Sunday Gazette-Mail from Charleston, West Virginia on June 20, 1976 · Page 150
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Sunday Gazette-Mail from Charleston, West Virginia · Page 150

Charleston, West Virginia
Issue Date:
Sunday, June 20, 1976
Page 150
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Page 150 article text (OCR)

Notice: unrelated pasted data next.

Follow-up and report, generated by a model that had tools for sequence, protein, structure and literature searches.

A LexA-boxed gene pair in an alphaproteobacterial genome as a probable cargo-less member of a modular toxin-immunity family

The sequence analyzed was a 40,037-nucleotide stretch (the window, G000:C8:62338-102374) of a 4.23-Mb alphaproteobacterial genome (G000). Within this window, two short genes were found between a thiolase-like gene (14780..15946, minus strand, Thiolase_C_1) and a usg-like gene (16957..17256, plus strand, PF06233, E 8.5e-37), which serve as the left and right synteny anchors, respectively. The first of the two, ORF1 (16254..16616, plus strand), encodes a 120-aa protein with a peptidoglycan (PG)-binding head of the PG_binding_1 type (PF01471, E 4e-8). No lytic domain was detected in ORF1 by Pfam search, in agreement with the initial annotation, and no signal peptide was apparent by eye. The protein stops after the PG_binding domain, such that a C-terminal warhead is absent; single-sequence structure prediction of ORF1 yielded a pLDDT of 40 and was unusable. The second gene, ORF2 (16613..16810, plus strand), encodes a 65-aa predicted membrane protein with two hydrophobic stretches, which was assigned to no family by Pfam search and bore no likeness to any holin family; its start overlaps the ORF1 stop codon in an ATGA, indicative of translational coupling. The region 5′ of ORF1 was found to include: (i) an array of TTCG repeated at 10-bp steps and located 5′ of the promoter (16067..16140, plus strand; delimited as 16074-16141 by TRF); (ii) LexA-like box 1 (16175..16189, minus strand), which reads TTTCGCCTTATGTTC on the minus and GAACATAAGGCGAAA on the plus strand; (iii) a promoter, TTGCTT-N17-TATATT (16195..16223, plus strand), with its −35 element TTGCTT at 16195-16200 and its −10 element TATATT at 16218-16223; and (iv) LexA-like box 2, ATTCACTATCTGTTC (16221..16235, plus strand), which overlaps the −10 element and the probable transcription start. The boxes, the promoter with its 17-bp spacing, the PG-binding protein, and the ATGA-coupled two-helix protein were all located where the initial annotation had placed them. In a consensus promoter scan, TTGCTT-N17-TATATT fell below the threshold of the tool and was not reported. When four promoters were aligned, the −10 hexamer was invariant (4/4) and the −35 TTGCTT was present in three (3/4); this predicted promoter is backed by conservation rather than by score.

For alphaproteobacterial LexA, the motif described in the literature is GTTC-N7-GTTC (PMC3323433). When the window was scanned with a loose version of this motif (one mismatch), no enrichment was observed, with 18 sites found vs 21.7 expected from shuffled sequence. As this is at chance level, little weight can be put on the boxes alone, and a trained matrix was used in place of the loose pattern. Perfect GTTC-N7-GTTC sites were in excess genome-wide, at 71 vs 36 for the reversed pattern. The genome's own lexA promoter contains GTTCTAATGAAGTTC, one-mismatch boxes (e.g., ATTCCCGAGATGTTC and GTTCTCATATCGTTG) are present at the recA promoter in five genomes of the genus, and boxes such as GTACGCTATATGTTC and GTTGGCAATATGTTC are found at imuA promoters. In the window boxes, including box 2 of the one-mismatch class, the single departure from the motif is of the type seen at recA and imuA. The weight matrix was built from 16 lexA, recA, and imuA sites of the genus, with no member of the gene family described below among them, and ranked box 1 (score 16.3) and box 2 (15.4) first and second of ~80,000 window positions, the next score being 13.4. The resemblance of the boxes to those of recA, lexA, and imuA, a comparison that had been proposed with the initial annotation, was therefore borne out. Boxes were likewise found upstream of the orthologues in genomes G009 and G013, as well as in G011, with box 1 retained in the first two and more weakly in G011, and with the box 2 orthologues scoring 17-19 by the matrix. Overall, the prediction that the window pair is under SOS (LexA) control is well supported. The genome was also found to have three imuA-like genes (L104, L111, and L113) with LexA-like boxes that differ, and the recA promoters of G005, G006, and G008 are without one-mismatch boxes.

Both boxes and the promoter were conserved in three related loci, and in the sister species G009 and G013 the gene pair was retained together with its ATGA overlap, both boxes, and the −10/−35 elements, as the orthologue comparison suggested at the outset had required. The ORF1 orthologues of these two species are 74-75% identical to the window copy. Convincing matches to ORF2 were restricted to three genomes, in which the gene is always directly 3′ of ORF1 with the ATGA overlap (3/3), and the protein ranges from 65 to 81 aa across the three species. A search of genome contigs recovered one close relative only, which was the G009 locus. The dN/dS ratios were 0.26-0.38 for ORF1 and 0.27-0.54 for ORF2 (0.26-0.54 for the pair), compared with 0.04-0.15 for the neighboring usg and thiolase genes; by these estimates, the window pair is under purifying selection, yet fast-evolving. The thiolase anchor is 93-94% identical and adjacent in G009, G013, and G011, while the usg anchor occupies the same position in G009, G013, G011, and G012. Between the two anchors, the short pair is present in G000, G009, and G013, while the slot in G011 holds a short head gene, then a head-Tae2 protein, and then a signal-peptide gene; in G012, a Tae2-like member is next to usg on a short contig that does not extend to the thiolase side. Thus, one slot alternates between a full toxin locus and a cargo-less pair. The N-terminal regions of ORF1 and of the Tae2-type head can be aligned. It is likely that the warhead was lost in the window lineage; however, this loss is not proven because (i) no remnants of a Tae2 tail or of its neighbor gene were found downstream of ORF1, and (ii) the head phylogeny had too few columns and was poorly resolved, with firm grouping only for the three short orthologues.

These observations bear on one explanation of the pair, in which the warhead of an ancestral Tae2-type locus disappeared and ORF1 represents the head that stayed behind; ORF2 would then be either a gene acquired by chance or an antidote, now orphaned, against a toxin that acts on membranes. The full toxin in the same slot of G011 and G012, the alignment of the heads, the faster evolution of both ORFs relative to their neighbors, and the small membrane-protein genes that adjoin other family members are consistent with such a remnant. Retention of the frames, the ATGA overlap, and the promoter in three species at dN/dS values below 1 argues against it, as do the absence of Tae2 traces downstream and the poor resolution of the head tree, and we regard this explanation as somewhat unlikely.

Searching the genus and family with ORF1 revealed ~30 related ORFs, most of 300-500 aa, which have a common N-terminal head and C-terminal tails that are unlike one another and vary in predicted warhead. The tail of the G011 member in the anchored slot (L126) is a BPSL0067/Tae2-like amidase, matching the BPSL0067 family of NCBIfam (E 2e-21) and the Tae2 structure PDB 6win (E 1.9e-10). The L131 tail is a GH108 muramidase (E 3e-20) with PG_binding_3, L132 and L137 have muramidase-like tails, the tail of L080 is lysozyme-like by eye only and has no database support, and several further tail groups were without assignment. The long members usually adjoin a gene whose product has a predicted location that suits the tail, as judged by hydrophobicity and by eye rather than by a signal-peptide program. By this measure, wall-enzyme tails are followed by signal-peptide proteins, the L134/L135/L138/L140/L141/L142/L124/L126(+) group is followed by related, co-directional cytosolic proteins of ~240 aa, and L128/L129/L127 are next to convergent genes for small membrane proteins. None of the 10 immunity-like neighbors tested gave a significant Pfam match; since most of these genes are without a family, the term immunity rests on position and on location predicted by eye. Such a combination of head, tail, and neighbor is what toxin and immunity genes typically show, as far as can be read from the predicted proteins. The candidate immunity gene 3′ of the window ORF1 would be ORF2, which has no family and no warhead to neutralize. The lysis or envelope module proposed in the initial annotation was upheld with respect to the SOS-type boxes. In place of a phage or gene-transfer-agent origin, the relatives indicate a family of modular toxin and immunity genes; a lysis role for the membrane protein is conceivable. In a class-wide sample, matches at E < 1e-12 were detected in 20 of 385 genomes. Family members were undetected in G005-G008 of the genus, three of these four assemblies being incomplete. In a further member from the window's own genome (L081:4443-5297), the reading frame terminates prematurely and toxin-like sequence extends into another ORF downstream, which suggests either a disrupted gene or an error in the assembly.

Eric Sevareid defends tele vision journalism By Jay Fredericks Television once more is under attack from various sources which claim there is too much violence and/or too much sex and/or too much mediocre programming on the medium. As anyone who has read this column with any regularity must know, I am not one of television's great defenders, but Holey Moley, fans, facts must be faced. Television programs for 18 to 24 hours a day, seven days a week 52 weeks a year, year in and year out. As an unidentified station manager once noted "Hell, there ain't even enough mediocrity to go around." And he's right. .Television cannot be one long, never ending feast for the intellect. If we're lucky, we'll get a few hors d'oeuvres. The problem is, of course, that the more time television is on the air, the more commercials it can sell so there is the natural greedy inclination to stay on just as long as possible. And as audiences grow accustomed to being able to turn on the set at almost any hour of the day or night and get something to look at or listen to, they demand that there be no dead airtime except perhaps between 2 and 7 a.m. It doesn't really matter what's on, Shakespeare or the Three Stooges. Somebody is looking at it. Sunday Solo Recently, CBS's resident thinker, Eric Sevareid, made a speech to the Washington Journalism Center's Conference on the First Amendment and defended his medium against some of the attacks leveled against it. For one thing, he said, stop blaming television for the state of culture in the country. Television doesn't set the cultural level, according to Sevareid. Just the reverse. All television does is give the people what the people want. And the people don't want, not in any great numbers at any rate, anything more challenging than "All In The Family" or Mary Tyler Moore.' "I have seen the test over and over," Sevareid said. "Once we put on an hour of talk with Hugo Black, the first sitting justice of the Supreme Court ever to perform on television in that manner. A fascinating hour with a beautiful mind. NBC ran an hour with Brigette Bardot in opposition. Their audience enormously outnumbered ours." Sevareid said television has not killed the art of conversation ("Non-conversing families were always that way. It has, in fact, stimulated billions of conversations that otherwise would not have oc- ·curred.") and it hasn't destroyed the habit of reading, pointing out that it takes only a mention of a book by Johnny Carson or some other folk hero to cause a run on bookstores the next day. And he pleads television not guilty on the charge of debasing the language. "Until radio and television, tens of millions of people living in sharecropper cabins, in small villages on the plains and in the mountains, in the great city slums, had never heard good English diction in their lives. If anything, this medium has improved the general level of diction." Sevareid complained that he and his fellow toilers in the video journalism field were too critically judged by their peers in the print medium. Why, he wanted to know, "this intense preoccupation of the print press with the broadcast press and its personae?" Sevareid particularly singled out David Halberstam who is now writing a book about CBS and its chairman, William S. Paley, and in doing so he seemed to leave the impression that the network chief ought to be immune from scrutiny. This sounds strange coming from CBS, which fought like a tiger against the same sort of claim of immunity when it was made by others, including Richard M. Nixon. Sevareid argued that the fields of broadcast journalism and print journalism are different. "It is the difference," he said, "between riding inside the hot and bumpy stagecoach and riding shotgun, exposed to all the hailstones and all the pointed -- and poisoned - arrows." Let him tell that to Bob Woodward and Carl Bernstein, who were fair riddled with White House shafts for their Watergate print reporting, or to Jack Anderson, narrowly missing attempts to poison him or otherwise dc him in for what he wrote in his column. You kids who have been going to bed under protest before 11:30 p.m. Sundays and thus missing the repeats of "Star Trek" on WSAZ can take heart. Starting in August, I'm told, the "Star Trek" shows also will be shown on Saturday afternoons. . TV WINDOWS ALUMINUM REPLACEMENT ALUMA SASH THERMOPANE SEALED War vet comes home in 'Subject Was Roses' SAVE ON FUEL Any builditiqS grrOteM healing or cooling lo«f i occur though old windows. Algma Saih cuitom mode replacement windowi can iove on air condilionino o«H Ant- ing bill*. Some uien report at much oi 30% QUICKLY 1HSTAUH) Con be readily implied f.omirv side ihc ttruclure ·-- regardleil ol weother. This meani lower labor coiH, greater iQvingi in Jime and money. "FINGER MAN," (1955) **%, 9 a.m., cable channel 10, with Frank Lovejoy and Forrest Tucker. Criminal is released from prison to get the goods on an underworld boss. Fast moving crime melodrama. "DUNGEONS OF HORROR," (1962) *, 1 p.m., Cable channel 10, with Russ Harvey and Helen Hogan. Weak thriller about a couple of castaways trapped by an evil count and made prisoner in the 1870's. "CLUNY BROWN," (1946) *** ] /2, 2 p.m., cable channel 2, with Jennifer Jones and Charles BOYER. Pleasant comedy, superbly acted and directed, about the turbulent career of a plumber's niece and a Czech refugee in England during the war. ' "CLAUDIA, (1943) ***%, 6:30 p.m., cable channel 2, with Dorothy McGuire and Robert Young. If you've never seen Rose Franken's almost classical story of a child bride who grows up, you're in for a treat. "DRAGONWYCK," (1946) **, 10 p.m., cable channel 10, with Gene Tierney and Walter Huston. This film, set about 1850 in a gloomy, mysterious mansion on the Hudson river, is one big bore. "THE SUBJECT WAS ROSES" (1968) **'/ 2 , 11:30 p.m., Frank D. Gilroy's Pulitzer Prize-winning play has some tough going in its transformation to the screen. However, this doesn't-lessen the appeal of the drama about a young man who returns from the Army after WW II and finds his quarrelsome parents still at it. Martin Sheen, as the young man, and Jack Albertson, as the father, re-create their Broadway roles successfully; but Patricia Neal, in the difficult role of the mother, fluctuates between strained theatrics and credibility. GUARANTEED The AI U ,TM Smh slide, n unconditionally guaranteed. MAINTENANCE FREE N? pom,. ing. No Chipping. No Scraping, No Crock - ing. No Peeling. No Warping, No Puttying AND MANY OTHER FEATURES TOO NUMEROUS TO LISTI CALL NOW AND SAVE! ALUMINUM BUILDING PRODUCTS CORP. 2141 MucCORKLEAVE. ST.ALBANS.W.VA. PH. 727-9363 DAY OR KITE FOR PRIVACY AND BEAUTY III Privacy, plus the added rustic charm of wood ore combined in these two styles of fencing. Durable, longlasting, rot-resistant Cypress Wood in a basketweave design or Sfockade style fencing .. either will add that special touch To your outdoor hide-o-way or patio orea. We've just received o good slock of this hard-to-get privacy fencing, but if you plan to install, this type fencing this year we urge you to come in and see us now. McNiel Fence is one of Charleston's oldest and most reliable fencing companies ajnd you can rely on us to furnish only top quality materials, plus guaranteed workmanship, CALL FOR FREE ESTIMATE BANK FINANCING AVAILABLE MtNIEL FENCE CO., INC. 3002 7th Avenue, North Charleston PHOME 744-8051 CALL US FOR AU YOUR HMCIMC HEEDS | ST. ALBANS TOWN FAIR Presents APPALACHIAN GREEN PARKS TROUPE 3 P.M. Wed. June 23rd Children's Concert 8 P.M. Wed. June 23rd Family Concert Admission: $1 Adults; 50 C Studenrs Green Parks Musicians 24th Annual St. Albans Town Fair Official Schedule Tuesday, June 72nd Wednesday, June 23rd Thursday, June 24th Friday, June 25th Saturday, June 26th Sunday, June 27th 6p,m. Official Opening Ceremony 7:30 p.m. Freedom Fighter Fife and Drum Corps 8:30 p.m. Concert--VIPS, Stonewall Jackson High School 10:30 p.m. Fireworks 2-5 p.m. Kids Oay (Reduced Ride Prices) 3 p. m . Appalachian Green Parks Troupe Children's Performance S:30 p.m. Appalachian Green Parks Troupe Concert and Folk Dancing 8:30 p.m. Country Rock Concert-COUNTRY MODS 10:30 p.m. Fireworks 6p.rn. Town Fair Auction 9 a.m.-5 p.m. FloaMarket 2p.rn.-5p.rn. KidtDay 8:30 p.m. Miss Town Fair Pageant and Awards Presentation 9:30 p.m. Rock Concert-Broomsage Forest 1 1 p.m. fireworks 1 p. m . Children's Fun Day Contests . . . Crawford Field Town Fair Site: Route 60 Next to Crawford Field Sponsored by the St. Albans Library Board SHOWTIME, June20. 1976 CHAKI.KSTON. W.VA.jim